Biological anthropological research is typically conducted through the in-person study of humans and their ancestors. This research is crucial for addressing questions around human biology, society, and culture. However, the ongoing COVID-19 pandemic has resulted in unprecedented difficulties in conducting practical research, inspiring researchers to turn inwards and explore fundamental elements of our discipline including ethical and educational best practice. Although ethical best practice forms the basis of how we interact with the world while conducting research, and education underpins the future of discipline, these areas of our practice have typically been neglected in favour of novel data production. The disruption created by COVID-19 can therefore be seen as a time of reflection and renewal, allowing us to consider where we have been and where we are going, and permitting us to adjust our ‘settings’ for practice accordingly. We introduce three projects that have formed during this ‘pause and reset’ space. The first is the ‘Gendering the Dead’ Project, which aims to explore the ethics of applying gender to the dead. The second project focuses on educational enhancement by rethinking perceptions around online practical laboratory practicals. The third case study, the ‘Living on the Edge Thai Bioarchaeology’ project, fuses both an educational and ethical focus by exploring areas for improvement in online teaching via an educational outreach programme. Through harnessing the COVID-19 research ‘pivot’ and repurposing it towards reflexivity, these projects demonstrate resilience and adaptation in anthropology. The findings of these projects may empower researchers in the future.
The proposed reburial of the World Heritage ancestral remains and the case for the keeping place
University of Queensland, Australia
The Willandra Lakes ancestral remains represents the largest series of modern people dating to the Pleistocene period outside of Africa. The story of these ancient people played a key role in the Willandra’s inscription as Australia’s first World Heritage site in 1981. The ancestral remains represent a significant part of the Outstanding Universal Values of the World Heritage Area.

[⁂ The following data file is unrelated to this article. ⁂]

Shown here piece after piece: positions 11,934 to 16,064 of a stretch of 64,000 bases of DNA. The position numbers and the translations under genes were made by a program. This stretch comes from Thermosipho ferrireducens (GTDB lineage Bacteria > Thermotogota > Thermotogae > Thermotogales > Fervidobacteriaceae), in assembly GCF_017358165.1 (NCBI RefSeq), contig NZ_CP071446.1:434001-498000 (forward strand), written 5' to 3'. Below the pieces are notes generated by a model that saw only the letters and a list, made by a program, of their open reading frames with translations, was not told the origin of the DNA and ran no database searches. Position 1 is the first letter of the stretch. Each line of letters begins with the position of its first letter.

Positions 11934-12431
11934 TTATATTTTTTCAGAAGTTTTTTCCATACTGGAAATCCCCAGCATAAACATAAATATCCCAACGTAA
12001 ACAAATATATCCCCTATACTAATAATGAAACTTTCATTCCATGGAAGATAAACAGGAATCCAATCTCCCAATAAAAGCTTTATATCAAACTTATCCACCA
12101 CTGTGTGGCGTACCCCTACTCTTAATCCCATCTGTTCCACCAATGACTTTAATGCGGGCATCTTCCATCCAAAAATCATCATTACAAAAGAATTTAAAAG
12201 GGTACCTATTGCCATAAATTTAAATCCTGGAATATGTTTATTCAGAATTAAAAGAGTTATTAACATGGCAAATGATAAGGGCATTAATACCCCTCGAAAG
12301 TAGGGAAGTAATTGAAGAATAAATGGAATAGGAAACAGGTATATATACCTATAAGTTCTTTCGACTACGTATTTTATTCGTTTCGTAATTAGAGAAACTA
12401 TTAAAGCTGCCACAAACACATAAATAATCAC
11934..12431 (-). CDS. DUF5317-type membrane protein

The NSW government in recent years has pushed for the reburial of the ancestral remains through a process that many Aboriginal people have claimed in the national press has not enabled proper consultation with Traditional Owners. Expertise in biological anthropology has not been incorporated in the workshops that discussed the reburial. The Federal Minister for the Environment did not approve the State’s proposal to rebury the ancestral remains and requested further consultation be undertaken. The State Minister for the Environment in his latest call for public comment has once again raised the keeping place as an option to be considered.
It is difficult to calculate the potential loss if the ancestral remains are reburied and the keeping place obviously provides a future for the ancestors to continue to inform the Willandra story. As one prominent Elder put it the keeping place will allow us to ‘explain to the rest of the world …how long they have been there’. I will highlight what could be gained from research from the ancestral remains of the Willandra, particularly if research is undertaken in a collaborative nature that engages with Traditional Owners and helps build capacity for Traditional Owners to be the primary storytellers of this narrative.
Gone but not forgotten: The ongoing story of finding ‘Harry’
Anna Willis1, Zachary Callanan1, Maddy McAllister1,2
1 James Cook University, Townsville, Australia; 2 Queensland Museum Network, Townsville, Australia
The sinking of HMS Pandora occurred in 1791 after striking a coral reef off the northern coast of Australia, but the wreck and its contents remained suspended in time until its discovery in 1977. Over the course of the last few decades the historical research and archaeological investigations of Pandora have provided a wealth of information and artefacts providing insight into the vessel’s historical journey, and the crew and mutineers on board. One of the most intriguing and unexpected discoveries during the excavations were the skeletonised remains of three individuals found below the deck, who were subsequently nicknamed ‘Tom’, ‘Dick’ and ‘Harry’. An osteological evaluation of the remains was published by Steptoe and Wood in 2002, which mentioned several infectious and nutritional diseases the individuals may have suffered. This presentation focuses on one of the three individuals, a young man with very distinctive facial features.
Following a re-examination of the remains, which are housed at the Museum of Tropical Queensland (MTQ) in Townsville, a differential diagnosis was developed exploring possible explanations for the condition and diseases he may have suffered as comorbidities. This process has led us one step closer to identifying which of the crew the individual may have been, and hopefully future avenues of research focusing on strontium isotopes (87Sr/86Sr) in his enamel may be able to narrow down and identify who he really was and his real name.